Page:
The seriously ill patient

101. It is permitted to heat water for a seriously ill patient if a hot bath or wash would revive and strengthen him and thus increase his well-being, if no hot water is available or there is no non-Jew available to do so[151]. This is so even if not having the bath would not cause a deterioration in his medical condition. If possible, one should heat the water to the required temperature so that the patient may wash or bathe without having to add cold water, even though this will mean that a larger quantity of water has to be heated[152].

102. If no hot water is available, it is also permissible to put on the electric boiler even though much more water is heated than necessary for the patient's needs[153].

103. If no hot water is available, it is permissible to draw water from an electric boiler for a seriously ill patient, even though cold water will inevitably enter the tank in its place. If the patient is to have a bath the hot water faucet of the bathtub may be closed. However, if he will be washed in bed, the hot water faucet may not be closed since, as a result, the cold water in the tank will now be heated. If there is a possibility that the patient will require more hot water later that Sabbath, the hot water faucet may be closed[154].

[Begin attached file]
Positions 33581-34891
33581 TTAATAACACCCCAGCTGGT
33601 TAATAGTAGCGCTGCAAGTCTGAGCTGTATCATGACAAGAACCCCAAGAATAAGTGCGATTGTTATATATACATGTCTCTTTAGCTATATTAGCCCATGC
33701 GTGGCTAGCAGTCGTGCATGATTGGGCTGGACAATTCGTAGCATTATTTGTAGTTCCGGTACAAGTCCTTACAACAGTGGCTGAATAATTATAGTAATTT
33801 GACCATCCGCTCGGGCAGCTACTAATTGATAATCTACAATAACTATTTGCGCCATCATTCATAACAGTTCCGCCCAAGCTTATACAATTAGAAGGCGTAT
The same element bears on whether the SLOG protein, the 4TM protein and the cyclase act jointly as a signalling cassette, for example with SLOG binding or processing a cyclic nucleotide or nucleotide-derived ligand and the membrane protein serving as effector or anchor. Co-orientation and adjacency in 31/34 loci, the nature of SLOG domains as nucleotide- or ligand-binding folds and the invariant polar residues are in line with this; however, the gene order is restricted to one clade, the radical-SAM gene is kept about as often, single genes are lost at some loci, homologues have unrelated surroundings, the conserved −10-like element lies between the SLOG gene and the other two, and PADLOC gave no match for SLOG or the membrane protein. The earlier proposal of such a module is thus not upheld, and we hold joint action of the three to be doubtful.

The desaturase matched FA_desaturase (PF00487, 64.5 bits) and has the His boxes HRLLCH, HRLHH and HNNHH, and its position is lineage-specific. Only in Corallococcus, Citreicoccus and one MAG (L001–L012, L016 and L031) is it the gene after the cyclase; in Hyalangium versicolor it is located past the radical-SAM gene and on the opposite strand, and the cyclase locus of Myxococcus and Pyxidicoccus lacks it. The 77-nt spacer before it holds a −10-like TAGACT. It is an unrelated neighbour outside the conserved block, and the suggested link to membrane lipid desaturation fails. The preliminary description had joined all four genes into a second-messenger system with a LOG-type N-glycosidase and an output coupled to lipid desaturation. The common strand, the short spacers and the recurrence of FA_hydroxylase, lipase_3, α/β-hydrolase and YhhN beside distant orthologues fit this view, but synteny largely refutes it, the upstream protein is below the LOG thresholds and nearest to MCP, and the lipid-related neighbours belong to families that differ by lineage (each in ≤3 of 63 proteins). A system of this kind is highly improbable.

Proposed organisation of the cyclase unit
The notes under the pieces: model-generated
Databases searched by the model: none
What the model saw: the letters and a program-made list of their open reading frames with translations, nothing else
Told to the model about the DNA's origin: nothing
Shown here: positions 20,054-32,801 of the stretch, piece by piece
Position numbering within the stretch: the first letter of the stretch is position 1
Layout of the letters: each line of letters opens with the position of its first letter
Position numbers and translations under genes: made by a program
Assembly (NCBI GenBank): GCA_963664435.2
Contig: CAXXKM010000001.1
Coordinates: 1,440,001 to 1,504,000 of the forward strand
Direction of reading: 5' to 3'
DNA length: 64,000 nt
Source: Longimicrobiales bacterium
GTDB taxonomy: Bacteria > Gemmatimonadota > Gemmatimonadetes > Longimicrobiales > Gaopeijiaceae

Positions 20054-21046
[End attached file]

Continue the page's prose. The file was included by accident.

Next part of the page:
104. If a non-Jew was asked to boil water for a drink for a seriously ill patient, and a full kettle is on the stove, there is no need to first pour out the water that is in excess of the patient's needs before the non-Jew lights the flame. However a healthy person may not drink or make use of the excess water on the Sabbath[155].

The non-seriously ill patient

105. One may ask a non-Jew to turn on an electric boiler, draw water from it or to boil water for a non-seriously ill patient who requires a hot drink or bath[156].


[151] Written communicaiton from R. Y.Y. Neuwirth, who added that even R. Yosef Karo (see sect. 5 above) agreed that, if possible, a non-Jew should heat the water.

[152] Shemirat Shabbat Kehilchata 32:81.

[153] Shemirat Shabbat Kehilchata 32:82.

[154] ibid.

[155] If a non-Jew fills an empty water kettle, he should be told not to fill it with more water than the patient needs; oral communication from R. Y.Y. Neuwirth.

[156] Rema in Orach Chayyim 328:17.